Protected Mode

Dennis Faas's picture

Protected mode (sometimes abbreviated pmode) is an operational mode of x86-compatible CPUs of the 80286 series or later. Protected mode has a number of new features designed to enhance multitasking and system stability, such as memory protection, a paging system, and hardware support for virtual memory. Most modern x86 operating systems run in protected mode, including Linux, FreeBSD, and versions of Microsoft Windows 2.0 and later.

The other operational mode of 386 and later CPUs is real mode, a backwards compatibility mode that disables these features, designed to allow old software to run on newer chips. As a design specification, all x86 CPUs start in real mode at boot time to ensure backwards compatibility with legacy operating systems. They must be manually switched into protected mode by a program before any protected mode features are available. In modern computers, this switch is usually one of the very first tasks performed by the operating system at boot time. It is also possible to run code designed for real mode while the CPU is operating in protected mode using virtual 8086 emulation.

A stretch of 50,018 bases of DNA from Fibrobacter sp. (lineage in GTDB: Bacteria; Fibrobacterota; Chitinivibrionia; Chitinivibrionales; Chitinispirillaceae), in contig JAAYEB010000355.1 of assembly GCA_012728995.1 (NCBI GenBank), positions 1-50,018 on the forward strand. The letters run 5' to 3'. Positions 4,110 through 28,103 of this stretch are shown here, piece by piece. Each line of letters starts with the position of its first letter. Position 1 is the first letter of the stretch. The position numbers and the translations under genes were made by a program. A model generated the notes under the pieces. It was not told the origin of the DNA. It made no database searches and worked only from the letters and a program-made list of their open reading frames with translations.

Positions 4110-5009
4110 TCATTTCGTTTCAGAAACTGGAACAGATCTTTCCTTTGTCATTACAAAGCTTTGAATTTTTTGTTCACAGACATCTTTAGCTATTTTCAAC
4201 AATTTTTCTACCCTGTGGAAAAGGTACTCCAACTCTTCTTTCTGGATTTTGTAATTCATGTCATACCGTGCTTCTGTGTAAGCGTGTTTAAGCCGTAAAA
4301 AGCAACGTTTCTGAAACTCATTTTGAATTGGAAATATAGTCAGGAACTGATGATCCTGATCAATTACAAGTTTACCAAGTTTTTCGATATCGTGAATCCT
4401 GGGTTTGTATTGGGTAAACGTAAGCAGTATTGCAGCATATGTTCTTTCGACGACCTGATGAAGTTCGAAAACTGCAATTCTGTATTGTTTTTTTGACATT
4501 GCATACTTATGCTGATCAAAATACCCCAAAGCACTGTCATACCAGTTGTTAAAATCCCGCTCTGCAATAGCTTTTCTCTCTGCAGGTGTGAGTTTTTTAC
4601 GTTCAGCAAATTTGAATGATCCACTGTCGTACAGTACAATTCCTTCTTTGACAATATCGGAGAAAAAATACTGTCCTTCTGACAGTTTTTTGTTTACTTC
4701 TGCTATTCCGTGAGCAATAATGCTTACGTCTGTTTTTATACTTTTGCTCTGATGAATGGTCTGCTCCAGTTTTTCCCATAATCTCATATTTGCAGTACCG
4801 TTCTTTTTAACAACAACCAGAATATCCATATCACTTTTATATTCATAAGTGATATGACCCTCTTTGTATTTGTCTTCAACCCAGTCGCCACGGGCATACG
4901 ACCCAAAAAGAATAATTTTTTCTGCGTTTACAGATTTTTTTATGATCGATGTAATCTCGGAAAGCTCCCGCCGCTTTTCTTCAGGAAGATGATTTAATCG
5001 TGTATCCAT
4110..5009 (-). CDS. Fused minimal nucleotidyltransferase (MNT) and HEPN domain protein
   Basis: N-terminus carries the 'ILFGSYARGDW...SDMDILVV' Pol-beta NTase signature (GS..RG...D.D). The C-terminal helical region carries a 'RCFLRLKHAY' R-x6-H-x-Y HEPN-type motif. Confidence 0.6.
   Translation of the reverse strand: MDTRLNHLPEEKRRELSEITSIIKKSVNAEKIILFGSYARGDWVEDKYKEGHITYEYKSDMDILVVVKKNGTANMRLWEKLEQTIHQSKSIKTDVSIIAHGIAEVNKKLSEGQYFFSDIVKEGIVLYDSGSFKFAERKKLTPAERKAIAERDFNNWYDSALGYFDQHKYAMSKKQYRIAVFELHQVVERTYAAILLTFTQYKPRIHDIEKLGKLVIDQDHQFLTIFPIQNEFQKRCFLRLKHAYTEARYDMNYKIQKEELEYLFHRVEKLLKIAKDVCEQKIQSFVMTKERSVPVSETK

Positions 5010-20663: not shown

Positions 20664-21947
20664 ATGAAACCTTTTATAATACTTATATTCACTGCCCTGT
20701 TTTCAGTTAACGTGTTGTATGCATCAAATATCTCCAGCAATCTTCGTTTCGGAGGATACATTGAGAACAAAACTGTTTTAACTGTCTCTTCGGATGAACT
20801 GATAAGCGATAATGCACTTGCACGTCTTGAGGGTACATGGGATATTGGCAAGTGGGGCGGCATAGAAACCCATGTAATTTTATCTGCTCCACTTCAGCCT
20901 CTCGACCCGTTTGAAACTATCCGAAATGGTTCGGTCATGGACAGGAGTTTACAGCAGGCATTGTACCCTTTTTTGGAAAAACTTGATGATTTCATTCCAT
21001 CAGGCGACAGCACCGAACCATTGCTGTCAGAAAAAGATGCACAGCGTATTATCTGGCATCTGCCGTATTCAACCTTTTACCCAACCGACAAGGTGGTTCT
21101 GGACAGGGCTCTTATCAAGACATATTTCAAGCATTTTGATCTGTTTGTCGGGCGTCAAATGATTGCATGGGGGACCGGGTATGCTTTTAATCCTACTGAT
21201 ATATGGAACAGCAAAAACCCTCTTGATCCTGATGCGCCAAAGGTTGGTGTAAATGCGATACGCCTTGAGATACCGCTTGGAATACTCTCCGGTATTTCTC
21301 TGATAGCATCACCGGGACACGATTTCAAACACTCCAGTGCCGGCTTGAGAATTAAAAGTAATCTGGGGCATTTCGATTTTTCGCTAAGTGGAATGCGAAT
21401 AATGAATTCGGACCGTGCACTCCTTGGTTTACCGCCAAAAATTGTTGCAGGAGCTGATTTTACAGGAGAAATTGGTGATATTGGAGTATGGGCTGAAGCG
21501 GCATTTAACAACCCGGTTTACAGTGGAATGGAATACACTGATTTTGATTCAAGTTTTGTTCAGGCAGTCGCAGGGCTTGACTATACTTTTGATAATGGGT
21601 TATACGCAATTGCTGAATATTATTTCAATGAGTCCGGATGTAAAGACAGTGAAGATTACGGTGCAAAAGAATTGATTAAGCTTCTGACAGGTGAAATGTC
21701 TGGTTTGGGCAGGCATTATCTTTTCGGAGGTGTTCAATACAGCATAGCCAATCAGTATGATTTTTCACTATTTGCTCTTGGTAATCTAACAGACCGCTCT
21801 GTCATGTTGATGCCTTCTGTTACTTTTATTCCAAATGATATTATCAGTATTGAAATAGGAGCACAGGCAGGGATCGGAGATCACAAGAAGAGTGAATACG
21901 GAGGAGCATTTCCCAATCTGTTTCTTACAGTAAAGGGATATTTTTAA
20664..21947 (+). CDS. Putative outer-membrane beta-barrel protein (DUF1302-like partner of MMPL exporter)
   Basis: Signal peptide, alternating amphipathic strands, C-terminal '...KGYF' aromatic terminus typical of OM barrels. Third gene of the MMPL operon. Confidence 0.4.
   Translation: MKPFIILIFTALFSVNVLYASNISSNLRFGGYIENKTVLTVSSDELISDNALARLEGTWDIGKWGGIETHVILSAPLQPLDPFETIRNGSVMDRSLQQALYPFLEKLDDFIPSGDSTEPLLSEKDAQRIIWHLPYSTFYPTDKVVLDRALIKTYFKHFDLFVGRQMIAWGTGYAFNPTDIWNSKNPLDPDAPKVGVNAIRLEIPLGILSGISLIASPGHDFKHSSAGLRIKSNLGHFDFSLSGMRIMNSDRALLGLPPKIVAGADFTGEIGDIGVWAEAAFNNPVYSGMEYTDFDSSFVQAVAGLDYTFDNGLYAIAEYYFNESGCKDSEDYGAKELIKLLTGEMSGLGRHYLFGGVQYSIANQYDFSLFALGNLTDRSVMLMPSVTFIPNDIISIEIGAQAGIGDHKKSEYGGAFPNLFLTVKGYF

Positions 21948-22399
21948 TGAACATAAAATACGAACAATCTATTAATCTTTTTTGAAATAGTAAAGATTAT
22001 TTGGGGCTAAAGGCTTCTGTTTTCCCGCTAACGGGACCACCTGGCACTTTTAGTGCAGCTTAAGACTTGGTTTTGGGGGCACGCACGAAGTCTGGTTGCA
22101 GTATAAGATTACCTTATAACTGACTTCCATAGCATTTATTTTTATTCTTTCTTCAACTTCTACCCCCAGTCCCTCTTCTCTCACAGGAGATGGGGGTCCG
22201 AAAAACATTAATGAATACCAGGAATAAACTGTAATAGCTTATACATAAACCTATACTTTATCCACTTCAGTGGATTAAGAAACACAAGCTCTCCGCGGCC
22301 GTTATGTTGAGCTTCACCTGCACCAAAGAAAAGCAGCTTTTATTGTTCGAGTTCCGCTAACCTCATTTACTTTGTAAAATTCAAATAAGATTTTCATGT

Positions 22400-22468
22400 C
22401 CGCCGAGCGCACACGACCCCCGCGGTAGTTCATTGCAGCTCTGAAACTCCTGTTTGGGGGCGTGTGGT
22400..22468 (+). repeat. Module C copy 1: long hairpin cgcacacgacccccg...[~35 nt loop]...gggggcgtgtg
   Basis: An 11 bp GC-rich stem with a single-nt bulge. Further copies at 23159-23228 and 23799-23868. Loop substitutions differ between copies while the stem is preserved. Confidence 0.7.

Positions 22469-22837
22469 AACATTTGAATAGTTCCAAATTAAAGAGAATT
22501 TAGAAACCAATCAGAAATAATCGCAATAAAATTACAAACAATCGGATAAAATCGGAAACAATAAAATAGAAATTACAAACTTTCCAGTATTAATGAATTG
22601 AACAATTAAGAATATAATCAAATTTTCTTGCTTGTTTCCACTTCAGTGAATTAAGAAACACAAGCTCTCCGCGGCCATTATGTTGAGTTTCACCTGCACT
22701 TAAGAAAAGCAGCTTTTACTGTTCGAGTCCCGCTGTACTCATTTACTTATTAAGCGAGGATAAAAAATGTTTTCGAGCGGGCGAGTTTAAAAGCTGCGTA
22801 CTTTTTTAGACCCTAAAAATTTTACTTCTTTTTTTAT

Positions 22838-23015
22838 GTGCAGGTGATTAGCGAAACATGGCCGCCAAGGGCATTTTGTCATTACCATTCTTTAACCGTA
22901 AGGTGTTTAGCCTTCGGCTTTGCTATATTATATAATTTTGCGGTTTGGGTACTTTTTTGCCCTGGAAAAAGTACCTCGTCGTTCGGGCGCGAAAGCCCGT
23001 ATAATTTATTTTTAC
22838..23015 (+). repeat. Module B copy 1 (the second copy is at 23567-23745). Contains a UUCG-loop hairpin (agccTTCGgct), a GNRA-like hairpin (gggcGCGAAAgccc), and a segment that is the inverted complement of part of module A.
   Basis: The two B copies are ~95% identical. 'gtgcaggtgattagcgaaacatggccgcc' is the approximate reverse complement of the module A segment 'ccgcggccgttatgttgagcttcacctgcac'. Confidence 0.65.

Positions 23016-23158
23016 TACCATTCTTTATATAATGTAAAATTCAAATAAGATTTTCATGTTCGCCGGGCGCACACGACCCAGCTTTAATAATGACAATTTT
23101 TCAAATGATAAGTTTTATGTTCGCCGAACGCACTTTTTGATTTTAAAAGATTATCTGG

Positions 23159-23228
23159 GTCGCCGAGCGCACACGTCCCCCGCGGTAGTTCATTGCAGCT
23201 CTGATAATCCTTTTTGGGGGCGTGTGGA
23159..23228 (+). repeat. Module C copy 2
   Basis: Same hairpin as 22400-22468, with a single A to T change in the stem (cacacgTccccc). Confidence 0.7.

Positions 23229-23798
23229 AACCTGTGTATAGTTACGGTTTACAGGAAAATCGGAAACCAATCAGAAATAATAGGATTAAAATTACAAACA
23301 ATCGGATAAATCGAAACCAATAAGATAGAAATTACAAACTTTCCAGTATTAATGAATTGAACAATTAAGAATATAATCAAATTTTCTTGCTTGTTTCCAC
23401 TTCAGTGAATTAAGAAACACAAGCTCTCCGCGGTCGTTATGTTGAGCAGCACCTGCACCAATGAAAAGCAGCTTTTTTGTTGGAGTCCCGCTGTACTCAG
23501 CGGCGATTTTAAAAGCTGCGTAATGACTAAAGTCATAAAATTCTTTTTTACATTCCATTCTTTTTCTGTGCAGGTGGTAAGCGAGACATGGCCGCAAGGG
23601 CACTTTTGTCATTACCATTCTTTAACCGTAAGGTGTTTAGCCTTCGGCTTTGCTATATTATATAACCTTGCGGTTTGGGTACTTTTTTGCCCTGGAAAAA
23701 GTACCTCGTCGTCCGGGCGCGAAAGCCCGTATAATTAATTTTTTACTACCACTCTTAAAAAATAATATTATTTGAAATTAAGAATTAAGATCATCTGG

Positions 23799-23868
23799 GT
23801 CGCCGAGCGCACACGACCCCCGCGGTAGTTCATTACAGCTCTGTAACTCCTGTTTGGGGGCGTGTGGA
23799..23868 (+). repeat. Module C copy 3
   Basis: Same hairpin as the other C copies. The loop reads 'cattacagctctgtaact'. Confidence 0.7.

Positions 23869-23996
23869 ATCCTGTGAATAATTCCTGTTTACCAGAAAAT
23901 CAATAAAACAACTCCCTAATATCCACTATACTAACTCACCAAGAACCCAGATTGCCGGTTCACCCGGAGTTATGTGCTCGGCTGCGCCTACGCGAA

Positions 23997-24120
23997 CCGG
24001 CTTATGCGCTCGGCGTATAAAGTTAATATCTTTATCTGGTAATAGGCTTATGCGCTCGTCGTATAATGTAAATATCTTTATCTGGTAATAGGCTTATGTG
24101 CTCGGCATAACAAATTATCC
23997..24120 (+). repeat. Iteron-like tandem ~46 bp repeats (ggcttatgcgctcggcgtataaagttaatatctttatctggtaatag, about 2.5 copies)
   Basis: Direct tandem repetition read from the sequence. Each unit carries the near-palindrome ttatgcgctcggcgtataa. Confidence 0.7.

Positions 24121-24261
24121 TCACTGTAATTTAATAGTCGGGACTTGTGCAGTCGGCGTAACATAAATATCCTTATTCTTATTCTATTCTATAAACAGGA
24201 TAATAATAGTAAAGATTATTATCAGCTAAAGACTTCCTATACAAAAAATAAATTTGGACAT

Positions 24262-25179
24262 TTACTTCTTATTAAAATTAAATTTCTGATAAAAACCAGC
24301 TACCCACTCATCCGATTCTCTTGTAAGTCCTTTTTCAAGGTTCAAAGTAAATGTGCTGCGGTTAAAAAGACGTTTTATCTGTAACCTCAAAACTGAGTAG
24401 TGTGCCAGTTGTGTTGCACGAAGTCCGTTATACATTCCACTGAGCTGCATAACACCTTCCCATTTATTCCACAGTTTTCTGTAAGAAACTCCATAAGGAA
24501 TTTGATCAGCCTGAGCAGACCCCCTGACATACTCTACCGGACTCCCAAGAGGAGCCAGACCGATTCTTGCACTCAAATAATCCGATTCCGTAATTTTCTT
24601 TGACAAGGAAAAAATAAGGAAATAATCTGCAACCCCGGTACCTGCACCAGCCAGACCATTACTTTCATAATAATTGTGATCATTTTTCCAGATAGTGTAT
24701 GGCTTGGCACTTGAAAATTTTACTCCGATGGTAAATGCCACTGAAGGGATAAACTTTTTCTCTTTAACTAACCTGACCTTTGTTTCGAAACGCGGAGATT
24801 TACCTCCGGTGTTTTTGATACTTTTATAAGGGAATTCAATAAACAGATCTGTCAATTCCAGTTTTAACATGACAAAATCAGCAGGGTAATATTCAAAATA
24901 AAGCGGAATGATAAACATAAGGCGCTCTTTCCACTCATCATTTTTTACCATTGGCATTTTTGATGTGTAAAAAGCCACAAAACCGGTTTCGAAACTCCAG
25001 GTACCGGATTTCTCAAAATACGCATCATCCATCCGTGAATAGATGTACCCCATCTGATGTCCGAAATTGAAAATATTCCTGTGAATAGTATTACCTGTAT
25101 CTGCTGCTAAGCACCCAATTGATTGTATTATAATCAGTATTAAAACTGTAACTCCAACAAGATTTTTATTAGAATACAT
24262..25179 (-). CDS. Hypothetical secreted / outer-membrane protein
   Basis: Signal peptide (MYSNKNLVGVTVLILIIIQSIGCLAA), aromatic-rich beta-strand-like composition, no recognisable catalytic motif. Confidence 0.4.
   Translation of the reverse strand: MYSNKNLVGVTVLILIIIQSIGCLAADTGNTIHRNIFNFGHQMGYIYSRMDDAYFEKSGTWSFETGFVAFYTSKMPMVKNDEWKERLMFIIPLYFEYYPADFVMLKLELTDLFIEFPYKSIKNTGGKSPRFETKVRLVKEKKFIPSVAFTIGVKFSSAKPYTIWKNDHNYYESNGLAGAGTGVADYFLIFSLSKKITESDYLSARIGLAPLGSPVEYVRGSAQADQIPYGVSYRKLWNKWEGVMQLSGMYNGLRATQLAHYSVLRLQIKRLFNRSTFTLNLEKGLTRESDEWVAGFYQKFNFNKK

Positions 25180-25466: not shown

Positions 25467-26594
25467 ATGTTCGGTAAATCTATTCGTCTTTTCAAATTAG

While software-mediated multitasking is certainly possible on systems running in real mode, the memory protection features of protected mode prevent an erroneous program from damaging the memory "owned" by another task or by the operating system kernel. Protected mode also has hardware support for interrupting a running program and shifting execution context to another, enabling pre-emptive multitasking.

Most CPUs capable of protected mode also feature 32 bit registers (e.g. any chip of the 80386 series or later), leading to the confusion of protected mode as such with the idea of 32 bit processing. The 80286 chips do support protected mode, but still had only 16 bit registers. Contributing to the confusion, the protected mode enhancements in Windows 2.0 and later were called 386 enhanced mode because they required 32 bit registers in addition to protected mode, and would not run on a 286 (even though 286es support protected mode).

Even when protected mode is enabled on a 32 bit chip, memory above 1MB is not accessible due to memory wrap-around, a feature designed to mimic (now obsolete) IBM XT systems. This limitation can be circumvented by enabling the A20 line.

In protected mode, the first 32 interrupts are reserved for CPU exceptions. For instance, interrupt 0D (13 in decimal) is a general protection fault and interrupt 00 is division by zero.

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